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Prime Number Tester

Lesson Overview

​In this lesson, students will be provided with unfinished codes to add key code snippets based on mathematics principles (i.e., the definition of prime number) to finish a prime number tester. The purpose is to enable them to experience CT concepts and practices such as variables, loops, conditionals, algorithmic thinking and automation in the practice of reusing and remixing. 

Prior Knowledge

  • Mathematics: Division, Remainder, Factor

Learning Objectives

  1. To acquire the concept of prime number and understand how to use [repeat until XX] to see if there is a factor of 

  2. To know how to use the operator blocks, e.g., [XX mod XX].

  3. To handle multiple conditional blocks simultaneously according to mathematics relationship.

  4. To understand the relationship between multiple nested conditional blocks [if…then...else…]

Mathematics & CT Outcomes

  1. Mathematics: 

    • concept of “factor”, “mod” and their relationship, i.e., if p mod q = 0, then q is a factor of p.

    • concept of prime number

  2. CT Skills: variable, loops; conditionals; operator, algorithmic thinking; automation

Teaching Resources 

The Desmos Activity used in this Task.

Lesson Details

A prime number (or a prime) is a natural number greater than 1 that is not a product of two smaller natural numbers. For example, ‘11’ cannot be expressed as a product of 1, 2, …, 9 and 10. Therefore ‘11’ is a prime number. Likewise, a composite number (or a composite) is a natural number greater than 1 that is a product of two smaller natural numbers. (On a side note, the process of factorizing a number using primes is called Prime Factorization.)

Complete the remaining part of the code!

Figure 1-Task 1.png

Students' Work

This activity requires students to complete existing code so that it can be used to test whether an integer is a prime number. In this incomplete code, students first need to understand several classifications of judgements: (1) the outermost if...then...else is used to determine that any integer less than 1 is not a prime; (2) the second level of if...then... is used to determine whether the input integer is 2 or greater than 2. Therefore, what needs to be added to the repeat until XX block is the determination of whether an integer greater than 2 is prime, which involves an understanding of the concept of prime numbers and a way of checking whether an integer has a factor. In particular, note that at the end of the code the reader is told that the result of the determination of a prime number is "This number is a prime", so that in the repeat until XX block it is only necessary to (1) negate the composite number and tell the reader the result, and (2) test the prime number without giving the result.

Figure 2-A1-S1.png
Figure 3-A1-S2.png
About this sample: 

These two works have different conditions for the REPEAT UNTIL block:

  1. The method in work 1 compares the factors of x to determine whether it is a prime or not. If x can find a factor that is not its own and is greater than 1, then it is judged not to be a prime, otherwise it is a prime if only x itself and 1 can be found as a factor.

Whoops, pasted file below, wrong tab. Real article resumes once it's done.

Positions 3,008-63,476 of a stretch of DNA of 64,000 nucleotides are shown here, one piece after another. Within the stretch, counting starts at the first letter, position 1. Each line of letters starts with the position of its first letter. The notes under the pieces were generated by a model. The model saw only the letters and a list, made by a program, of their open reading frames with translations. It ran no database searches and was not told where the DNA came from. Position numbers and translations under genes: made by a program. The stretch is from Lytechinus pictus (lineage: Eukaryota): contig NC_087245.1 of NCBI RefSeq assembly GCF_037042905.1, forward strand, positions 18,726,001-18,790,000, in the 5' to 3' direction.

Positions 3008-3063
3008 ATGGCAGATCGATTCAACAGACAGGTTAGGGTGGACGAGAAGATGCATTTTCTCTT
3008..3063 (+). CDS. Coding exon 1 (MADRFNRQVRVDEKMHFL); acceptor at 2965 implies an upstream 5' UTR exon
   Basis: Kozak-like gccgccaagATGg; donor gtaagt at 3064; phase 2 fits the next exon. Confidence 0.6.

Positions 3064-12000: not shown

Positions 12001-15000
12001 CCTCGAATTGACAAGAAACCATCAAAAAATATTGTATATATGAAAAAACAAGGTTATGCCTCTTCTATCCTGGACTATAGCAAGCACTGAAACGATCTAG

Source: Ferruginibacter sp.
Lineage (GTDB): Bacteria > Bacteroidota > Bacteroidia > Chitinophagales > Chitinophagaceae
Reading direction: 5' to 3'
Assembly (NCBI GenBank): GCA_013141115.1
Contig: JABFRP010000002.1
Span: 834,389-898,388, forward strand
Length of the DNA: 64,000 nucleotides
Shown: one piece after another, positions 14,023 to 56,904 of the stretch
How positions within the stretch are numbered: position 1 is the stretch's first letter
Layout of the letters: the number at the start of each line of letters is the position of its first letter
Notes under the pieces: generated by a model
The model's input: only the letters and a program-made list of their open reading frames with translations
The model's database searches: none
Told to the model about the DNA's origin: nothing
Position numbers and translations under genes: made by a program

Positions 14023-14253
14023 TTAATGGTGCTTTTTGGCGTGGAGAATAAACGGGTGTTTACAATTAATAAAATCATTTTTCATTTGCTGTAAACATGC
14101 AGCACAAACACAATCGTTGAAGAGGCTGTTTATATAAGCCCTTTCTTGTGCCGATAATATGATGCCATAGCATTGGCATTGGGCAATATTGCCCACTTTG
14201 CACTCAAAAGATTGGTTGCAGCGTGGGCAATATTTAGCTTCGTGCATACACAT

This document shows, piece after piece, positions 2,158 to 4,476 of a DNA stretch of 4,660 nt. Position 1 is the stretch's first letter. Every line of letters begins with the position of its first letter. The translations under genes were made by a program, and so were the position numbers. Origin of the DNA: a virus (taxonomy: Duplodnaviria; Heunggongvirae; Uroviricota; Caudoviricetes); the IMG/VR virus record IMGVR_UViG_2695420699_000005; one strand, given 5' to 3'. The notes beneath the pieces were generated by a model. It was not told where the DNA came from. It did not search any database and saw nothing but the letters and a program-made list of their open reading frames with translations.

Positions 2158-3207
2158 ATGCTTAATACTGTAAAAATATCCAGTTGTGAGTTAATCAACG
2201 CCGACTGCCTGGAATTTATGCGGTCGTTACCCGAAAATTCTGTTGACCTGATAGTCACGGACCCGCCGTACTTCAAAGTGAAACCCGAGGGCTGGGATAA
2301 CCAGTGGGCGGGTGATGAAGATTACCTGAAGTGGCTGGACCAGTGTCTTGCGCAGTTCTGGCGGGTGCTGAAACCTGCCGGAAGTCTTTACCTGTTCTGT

2. Work 2 determines whether x is prime by checking whether  is factored between 2 and  x/2, so the conditions "repeat until count > x/2" and "x mod count = 0" need to be set. As long as there is a factor of x between 2 and  x/2 (i.e.,       x mod count = 0), then  is not a prime.

Although these two methods are not the same, they both make use of the definition of prime numbers to set the conditions of the iteration.

Possible Challenges and Misconceptions

Sample 1: Not understanding the stopping condition of repeat until and setting it to “count = x/2”, ignoring the case where the count is an odd number.
Figure 4-A1-M1.png

Many students made the mistake of setting the stop condition to [count = x/2] in repeat until block. This is because if x is an odd number, the iteration cannot be stopped and will keep looping so that the variable “count” keeps adding 1 until the first conditional loop "if x mod count = 0" is met, giving an error judgement. For example, if a prime number such as 3 or 5 is entered, if the reader enters a prime number such as 3 or 5, it is judged not to be a prime number.

Also, entering the number “4” will result in an error of judgement as it meets the condition “count = x/2” and the condition in repeat until block will not iterate. Then it will give the final judgement “This number is a prime” resulting in an error judgement.

Sample 2: Misunderstanding the order of setting conditions in a loop
Figure 5-A1-M2.png

Two typical mistakes occur here: firstly, the conditional setting of repeat until neglects to take account of odd numbers; secondly, there is a misunderstanding of the role and relationship of the if...else... and repeat until blocks, resulting in some blocks being placed in the wrong place and not being able to conduct iteration.

Because repeat until “count = x/2”, if an odd number is input in this work, the else part of the iteration [change count by 1] will be executed directly, followed by the “say” and “stop” blocks, so the iteration will only go once. The error result “This number is a prime” is also given directly.


The author would like to thank Alvin Chan for designing this lesson and appreciate all the anonymous teachers and students who participated in this research.

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